Beni and Beni Handicrafts
‘The girl from Tipling.’
Beni Rani Ghale was born in the isolated mountain village of Tipling, situated between Langtang and Manaslu. As a child she only attended school for five days, as she had to look after her two small sisters, plus the cows and goats. She remembers, ‘Both my parents had to work, sometime they were away for day’s even weeks. At about 5 years of age, I used to carry my baby sister on my back, while working. I had to chew cooked corn/maize into a milky paste so she could eat something – a substitute for mother’s milk.’
Beni, like many in her village, was married early, at the age of 10. A deposit of 40 liters of alcohol had been given, followed by a further $20. Should she not consent to marry her suitor, then the double of this would have to be repaid. Marriage was not to her liking, so she ran away into the surrounding hillsides. When her new husband left the village, she returned. From then on she lived with her family, and studied privately at night. She got a job at Tipling Health Post, where she cleaned and functioned as translator for Nepali doctors with Tamang speaking patients. At 14 she went to Kathmandu to study English, and returned to work in the Clinic.
Dr Beni’ as she was called, at 16.
At the age of 15, with help from Dr. Kathy Antalak, a visiting Doctor, and with forged documents, showing her to be 18, she completed a six-month Health Worker Course (Maternal Child Health Care). With this qualification, she became the Midwife/Health Visitor in her home district, covering nine remote mountain villages, with over 500 households. After five years, serving the medical needs of over 3500 people, Beni moved to Kathmandu. She bought herself out of the marriage, re-married and started a small shop in the back streets of Thamel, selling products made from recycled waste materials. She provided handicraft training to prisoners in Kathmandu Central Prison. She delivered waste materials that the prisoners turned into functional products. This work contributed important income to the prisoners’ families.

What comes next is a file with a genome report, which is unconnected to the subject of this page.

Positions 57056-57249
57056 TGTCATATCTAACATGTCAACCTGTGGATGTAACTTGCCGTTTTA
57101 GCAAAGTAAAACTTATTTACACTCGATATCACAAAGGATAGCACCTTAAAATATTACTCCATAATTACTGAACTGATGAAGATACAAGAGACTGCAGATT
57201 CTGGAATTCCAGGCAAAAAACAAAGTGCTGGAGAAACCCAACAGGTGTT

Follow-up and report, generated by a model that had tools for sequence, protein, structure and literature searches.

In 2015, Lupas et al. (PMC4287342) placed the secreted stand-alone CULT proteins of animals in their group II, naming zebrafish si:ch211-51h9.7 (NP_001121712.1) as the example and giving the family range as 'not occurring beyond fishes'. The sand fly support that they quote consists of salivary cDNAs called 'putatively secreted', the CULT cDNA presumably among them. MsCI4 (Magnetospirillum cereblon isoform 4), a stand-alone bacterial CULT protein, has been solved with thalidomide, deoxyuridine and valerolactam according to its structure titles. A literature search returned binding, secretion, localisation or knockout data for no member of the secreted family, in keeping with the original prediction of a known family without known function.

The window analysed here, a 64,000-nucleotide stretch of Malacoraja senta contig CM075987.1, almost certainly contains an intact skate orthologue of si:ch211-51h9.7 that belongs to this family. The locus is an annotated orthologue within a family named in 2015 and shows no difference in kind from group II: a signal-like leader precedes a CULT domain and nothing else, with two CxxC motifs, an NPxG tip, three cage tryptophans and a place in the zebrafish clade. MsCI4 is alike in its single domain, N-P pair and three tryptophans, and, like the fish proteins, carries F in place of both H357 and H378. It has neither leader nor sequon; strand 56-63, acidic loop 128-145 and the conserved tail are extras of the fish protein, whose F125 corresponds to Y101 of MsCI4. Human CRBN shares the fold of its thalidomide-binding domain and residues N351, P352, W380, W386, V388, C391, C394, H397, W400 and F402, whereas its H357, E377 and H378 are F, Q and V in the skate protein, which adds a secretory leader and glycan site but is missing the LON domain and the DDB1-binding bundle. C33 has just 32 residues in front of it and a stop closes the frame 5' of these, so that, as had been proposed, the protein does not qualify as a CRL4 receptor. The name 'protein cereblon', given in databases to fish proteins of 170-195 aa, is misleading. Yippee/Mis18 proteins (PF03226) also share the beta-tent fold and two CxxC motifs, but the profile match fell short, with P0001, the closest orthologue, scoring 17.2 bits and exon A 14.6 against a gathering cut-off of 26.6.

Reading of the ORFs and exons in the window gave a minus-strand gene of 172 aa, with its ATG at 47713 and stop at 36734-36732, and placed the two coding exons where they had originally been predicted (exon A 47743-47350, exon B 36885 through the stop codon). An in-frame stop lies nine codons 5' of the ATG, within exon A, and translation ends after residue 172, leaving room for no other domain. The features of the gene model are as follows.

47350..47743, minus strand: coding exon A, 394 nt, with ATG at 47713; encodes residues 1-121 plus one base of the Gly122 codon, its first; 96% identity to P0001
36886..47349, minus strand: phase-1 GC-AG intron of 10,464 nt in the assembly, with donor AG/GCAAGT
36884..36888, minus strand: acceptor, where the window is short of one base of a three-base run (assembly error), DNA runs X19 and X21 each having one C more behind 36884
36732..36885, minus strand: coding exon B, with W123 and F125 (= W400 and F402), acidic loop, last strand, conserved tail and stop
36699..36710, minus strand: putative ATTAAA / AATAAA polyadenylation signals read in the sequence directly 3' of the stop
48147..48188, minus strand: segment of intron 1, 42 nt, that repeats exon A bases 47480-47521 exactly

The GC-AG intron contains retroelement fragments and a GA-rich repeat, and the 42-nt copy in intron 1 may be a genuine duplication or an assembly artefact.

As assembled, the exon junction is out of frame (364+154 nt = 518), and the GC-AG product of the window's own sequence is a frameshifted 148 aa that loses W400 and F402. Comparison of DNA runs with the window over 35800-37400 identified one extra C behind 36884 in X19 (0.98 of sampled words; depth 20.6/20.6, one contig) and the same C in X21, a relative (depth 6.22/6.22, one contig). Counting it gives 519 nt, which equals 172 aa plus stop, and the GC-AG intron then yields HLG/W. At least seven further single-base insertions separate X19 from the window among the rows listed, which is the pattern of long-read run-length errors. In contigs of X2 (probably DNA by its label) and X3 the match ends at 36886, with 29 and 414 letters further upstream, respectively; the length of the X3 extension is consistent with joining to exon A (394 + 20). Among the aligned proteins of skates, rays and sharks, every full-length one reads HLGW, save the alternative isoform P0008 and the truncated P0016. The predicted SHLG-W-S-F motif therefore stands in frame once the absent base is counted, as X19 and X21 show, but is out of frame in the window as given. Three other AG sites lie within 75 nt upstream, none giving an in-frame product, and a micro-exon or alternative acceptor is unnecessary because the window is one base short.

Profits from this private micro-business, after her living needs were covered, were used to establish her social help model, which was helping people to help themselves through education or training them with work skills. Various projects evolved, including the establishment of her own school for older (uneducated) women where she offered basic education at low or no cost. She also established a Tailoring Training Centre. Both entities aimed to enable previously unskilled women to find income-generating employment. Unfortunately, good intentions are not enough, her women produced more products than she could sell, and she was continually in debt. A helping friend, Marji Greehunt, put her in touch with David Durkan, Founder of Mountain People. MP is a voluntary organization based in Norway, who also, ‘help people to help themselves.’ David, a mixture of mountaineer and businessman, felt the poor woman syndrome was outdated. He saw the value in the Beni herself. Her history, what she had achieved, and what she stood for. Within ten days, he had created a simple logo, explanatory hang tags, a brochure, and replaced her old shop with two new (one free, the other low cost).
Providing basic formal education for those who have never attended school.
The new guiding by-line was, ‘Beni Handicrafts: Giving Kathmandu’s rubbish a second life.’ Products received names, identities, quality improved and within a year Beni was out of debt. This ‘freedom’ allowed her to both train and employ more people, make new and better products, and to start a number of far reaching social projects.
Her long time social work evolved, taking shape, with emphasis on Education, Hygiene and Health – step by step. Personally believing that training led to income-generating work helped women more than anything else Beni initiated Steps Foundation Nepal. A registered NGO, with the aim to secure women’s rights and needs. Goals that would contribute to a better society.
In 2015 the earthquake hit Nepal, causing widespread devastation. David within 5 days established Mountain Peoples own voluntary ‘Earthquake Centre’ at Hotel Moonlight, collecting and distributing food and materials. For Beni the earthquake resulted in the loss of her factory and two shops, and the whole or partial destruction of 500 houses in her home district. The first year, she, her family, friends from near and far and Mountain People, devoted their time and resources to helping her home village (Tipling) to recover. Eight immediate helicopter deliveries of emergency supplies (tents, sleeping bags, medicine etc.), and food. Followed by the delivery of 600 quality quilts before the first winter set in – one to each household. Zinc roofing sheets were delivered to most of the village houses, as well as the building and restoration of schools.